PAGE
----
In addition, there is the prospect of a fall in high sulphur supplies with further cutbacks in Middle East crude production, which are predominantly heavier and higher sulphur grades. The net result has been an even greater increase in Singapore HSFO prices than in the crude market, and this is clearly shown in the chart below, with the left and right axes scaled the same.

Source: Integr8 Fuels

The current HSFO bunker market in Rotterdam is also broadly in line with crude, although there has been a difference in the timing of price rises.

Has VLSFO in Singapore moved in the same way?

This is the focus of the report, and the simple answer is “NO”. In the second half of June, Singapore VLSFO prices rose and fell in line with Brent. However, since the start of July there has been a dramatic divergence in these prices. Singapore VLSFO has gone in the opposite direction to crude and HSFO and has actually fallen! This is contrary to usual expectations, but as the mantra says:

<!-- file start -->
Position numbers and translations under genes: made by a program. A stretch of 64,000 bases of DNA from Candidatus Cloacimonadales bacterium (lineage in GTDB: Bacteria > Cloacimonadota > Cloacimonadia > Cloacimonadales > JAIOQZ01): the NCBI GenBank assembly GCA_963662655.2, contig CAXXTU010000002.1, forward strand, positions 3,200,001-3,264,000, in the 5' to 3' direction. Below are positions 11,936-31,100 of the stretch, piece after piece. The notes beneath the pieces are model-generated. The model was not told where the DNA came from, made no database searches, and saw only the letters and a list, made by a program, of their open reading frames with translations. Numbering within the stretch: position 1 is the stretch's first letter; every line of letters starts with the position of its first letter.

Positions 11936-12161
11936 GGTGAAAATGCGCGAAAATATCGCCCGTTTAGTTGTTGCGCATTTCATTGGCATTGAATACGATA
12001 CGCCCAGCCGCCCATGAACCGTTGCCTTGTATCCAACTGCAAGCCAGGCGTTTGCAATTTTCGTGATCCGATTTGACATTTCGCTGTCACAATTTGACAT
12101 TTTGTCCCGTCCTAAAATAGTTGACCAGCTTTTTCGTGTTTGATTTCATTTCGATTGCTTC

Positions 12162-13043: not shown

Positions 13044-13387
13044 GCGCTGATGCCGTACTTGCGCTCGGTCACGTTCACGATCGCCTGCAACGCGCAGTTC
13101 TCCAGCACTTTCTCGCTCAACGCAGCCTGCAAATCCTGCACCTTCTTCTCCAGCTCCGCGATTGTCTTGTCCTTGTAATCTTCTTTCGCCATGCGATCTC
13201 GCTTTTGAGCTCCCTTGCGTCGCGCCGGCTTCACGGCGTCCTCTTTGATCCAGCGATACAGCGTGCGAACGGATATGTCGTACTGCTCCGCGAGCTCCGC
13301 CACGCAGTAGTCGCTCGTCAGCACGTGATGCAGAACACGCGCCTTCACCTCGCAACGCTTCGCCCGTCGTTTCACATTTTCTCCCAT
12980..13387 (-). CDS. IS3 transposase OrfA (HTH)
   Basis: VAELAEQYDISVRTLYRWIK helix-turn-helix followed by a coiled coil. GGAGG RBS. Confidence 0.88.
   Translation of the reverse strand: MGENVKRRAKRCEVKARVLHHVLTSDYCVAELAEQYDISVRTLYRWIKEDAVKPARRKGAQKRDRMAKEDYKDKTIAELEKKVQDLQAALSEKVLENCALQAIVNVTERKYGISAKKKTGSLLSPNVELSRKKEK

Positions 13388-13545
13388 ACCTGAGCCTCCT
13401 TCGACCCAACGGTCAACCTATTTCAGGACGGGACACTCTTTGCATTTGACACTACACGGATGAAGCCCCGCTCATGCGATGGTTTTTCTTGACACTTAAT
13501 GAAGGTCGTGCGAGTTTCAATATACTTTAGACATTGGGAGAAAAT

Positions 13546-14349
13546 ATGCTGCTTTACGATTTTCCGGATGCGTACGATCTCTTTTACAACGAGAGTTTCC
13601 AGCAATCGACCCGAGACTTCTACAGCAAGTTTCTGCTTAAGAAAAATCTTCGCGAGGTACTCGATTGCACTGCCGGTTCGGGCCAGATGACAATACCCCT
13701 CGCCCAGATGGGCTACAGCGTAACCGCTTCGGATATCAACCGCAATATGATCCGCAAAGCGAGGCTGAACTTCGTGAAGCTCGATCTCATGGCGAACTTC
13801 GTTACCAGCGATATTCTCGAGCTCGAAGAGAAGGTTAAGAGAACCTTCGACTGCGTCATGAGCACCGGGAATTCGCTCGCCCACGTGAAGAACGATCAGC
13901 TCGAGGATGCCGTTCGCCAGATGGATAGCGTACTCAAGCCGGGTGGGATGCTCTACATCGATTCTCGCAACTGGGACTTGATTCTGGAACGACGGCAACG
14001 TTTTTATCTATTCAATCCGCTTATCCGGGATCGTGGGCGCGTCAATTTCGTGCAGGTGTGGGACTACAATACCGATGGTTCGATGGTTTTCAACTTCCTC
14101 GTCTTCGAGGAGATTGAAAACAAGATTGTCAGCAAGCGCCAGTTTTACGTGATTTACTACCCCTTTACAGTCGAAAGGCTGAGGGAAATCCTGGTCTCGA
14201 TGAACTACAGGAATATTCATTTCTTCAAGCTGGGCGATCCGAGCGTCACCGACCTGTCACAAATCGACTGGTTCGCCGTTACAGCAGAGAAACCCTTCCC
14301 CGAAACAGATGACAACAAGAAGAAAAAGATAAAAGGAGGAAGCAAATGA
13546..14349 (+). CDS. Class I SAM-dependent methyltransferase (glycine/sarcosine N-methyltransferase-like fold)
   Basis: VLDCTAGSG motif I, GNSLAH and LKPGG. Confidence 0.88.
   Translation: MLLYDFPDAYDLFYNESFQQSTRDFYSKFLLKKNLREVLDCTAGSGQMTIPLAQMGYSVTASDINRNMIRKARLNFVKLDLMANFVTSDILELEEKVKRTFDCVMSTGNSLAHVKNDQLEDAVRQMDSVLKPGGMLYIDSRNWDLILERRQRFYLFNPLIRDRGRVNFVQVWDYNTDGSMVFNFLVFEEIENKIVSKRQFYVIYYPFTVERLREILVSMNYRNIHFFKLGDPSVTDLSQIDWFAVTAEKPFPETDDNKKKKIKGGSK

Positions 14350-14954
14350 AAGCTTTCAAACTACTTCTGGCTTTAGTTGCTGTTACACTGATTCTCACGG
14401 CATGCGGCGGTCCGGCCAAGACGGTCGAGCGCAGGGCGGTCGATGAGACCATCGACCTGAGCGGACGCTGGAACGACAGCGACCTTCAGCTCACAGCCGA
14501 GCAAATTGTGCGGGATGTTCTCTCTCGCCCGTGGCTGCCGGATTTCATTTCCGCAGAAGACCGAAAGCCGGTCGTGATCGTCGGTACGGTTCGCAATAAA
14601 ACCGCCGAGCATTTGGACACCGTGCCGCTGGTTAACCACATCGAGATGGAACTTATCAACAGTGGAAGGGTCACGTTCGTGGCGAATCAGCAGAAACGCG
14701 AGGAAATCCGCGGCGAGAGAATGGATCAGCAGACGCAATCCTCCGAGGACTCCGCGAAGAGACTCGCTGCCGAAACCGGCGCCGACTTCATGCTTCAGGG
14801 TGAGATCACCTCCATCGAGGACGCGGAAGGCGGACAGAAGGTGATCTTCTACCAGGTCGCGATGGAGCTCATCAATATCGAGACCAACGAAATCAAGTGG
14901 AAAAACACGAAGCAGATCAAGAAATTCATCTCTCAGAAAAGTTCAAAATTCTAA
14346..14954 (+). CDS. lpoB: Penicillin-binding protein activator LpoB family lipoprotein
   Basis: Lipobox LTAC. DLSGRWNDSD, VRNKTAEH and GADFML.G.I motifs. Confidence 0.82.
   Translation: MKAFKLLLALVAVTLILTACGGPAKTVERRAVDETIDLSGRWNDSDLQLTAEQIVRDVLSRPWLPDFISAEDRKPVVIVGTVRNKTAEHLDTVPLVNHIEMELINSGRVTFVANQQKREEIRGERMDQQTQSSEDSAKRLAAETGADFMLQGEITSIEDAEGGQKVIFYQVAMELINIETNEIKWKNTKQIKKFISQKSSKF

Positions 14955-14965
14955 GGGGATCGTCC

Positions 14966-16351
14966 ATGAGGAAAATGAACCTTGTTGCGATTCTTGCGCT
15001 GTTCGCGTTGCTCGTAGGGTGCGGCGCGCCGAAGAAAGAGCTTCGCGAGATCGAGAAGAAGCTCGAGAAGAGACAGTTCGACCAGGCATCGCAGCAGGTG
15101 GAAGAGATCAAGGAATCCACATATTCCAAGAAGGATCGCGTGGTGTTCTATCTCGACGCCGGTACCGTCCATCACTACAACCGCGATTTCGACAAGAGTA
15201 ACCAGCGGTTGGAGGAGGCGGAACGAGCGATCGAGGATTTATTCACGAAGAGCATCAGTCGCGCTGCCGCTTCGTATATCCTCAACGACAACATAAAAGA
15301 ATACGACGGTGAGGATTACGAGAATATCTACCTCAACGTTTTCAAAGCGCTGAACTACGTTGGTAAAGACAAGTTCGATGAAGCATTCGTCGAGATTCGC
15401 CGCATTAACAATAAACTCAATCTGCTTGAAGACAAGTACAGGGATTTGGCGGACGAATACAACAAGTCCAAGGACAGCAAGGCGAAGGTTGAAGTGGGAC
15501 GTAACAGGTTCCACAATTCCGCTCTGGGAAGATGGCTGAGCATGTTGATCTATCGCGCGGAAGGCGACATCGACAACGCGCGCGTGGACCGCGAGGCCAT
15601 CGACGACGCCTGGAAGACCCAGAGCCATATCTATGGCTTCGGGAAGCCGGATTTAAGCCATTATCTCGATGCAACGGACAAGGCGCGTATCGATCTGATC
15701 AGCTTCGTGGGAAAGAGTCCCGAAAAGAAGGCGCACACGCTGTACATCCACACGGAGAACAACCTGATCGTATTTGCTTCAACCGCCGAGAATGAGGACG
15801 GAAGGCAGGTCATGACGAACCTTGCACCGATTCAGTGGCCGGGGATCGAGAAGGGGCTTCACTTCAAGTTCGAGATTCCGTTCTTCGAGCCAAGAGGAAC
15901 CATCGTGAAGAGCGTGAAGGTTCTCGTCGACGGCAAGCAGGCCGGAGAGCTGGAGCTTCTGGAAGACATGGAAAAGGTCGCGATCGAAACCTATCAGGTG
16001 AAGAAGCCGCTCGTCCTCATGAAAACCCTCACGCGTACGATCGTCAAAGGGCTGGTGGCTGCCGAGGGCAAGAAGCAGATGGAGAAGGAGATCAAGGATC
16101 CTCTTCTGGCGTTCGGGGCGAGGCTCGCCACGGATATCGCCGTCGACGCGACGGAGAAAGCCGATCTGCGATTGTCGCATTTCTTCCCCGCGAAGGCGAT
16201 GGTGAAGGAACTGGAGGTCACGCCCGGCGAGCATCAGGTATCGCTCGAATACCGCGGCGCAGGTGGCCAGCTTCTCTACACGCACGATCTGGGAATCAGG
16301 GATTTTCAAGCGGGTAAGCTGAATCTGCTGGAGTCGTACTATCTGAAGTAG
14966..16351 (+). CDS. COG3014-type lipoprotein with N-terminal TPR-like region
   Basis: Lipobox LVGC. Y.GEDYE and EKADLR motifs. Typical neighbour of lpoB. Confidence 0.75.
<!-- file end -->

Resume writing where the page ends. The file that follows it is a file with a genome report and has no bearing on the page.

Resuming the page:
“The price is the price!”

The graph below shows these developments, again with the left and right axes scaled the same.

Source: Integr8 Fuels

The main reason for this Singapore VLSFO price ‘divergence’ is put down to an excess of low sulphur fuel oil in the region. This has come about with the West-East arb being open more recently and so several low sulphur fuel oil cargoes moving from NW Europe to Singapore. On top of this, there is an additional and ongoing low sulphur supply from Kuwait’s relatively new Al-Zour refinery.

This surge in low sulphur supply has been met with limited buying, and as a consequence sellers have been pricing very aggressively on the low side to try to clear this build-up of volumes. Hence, Singapore VLSFO prices have fallen, in sharp contrast to strong rises in crude and HSFO pricing.

What does this mean for Singapore VLSFO pricing in the near term?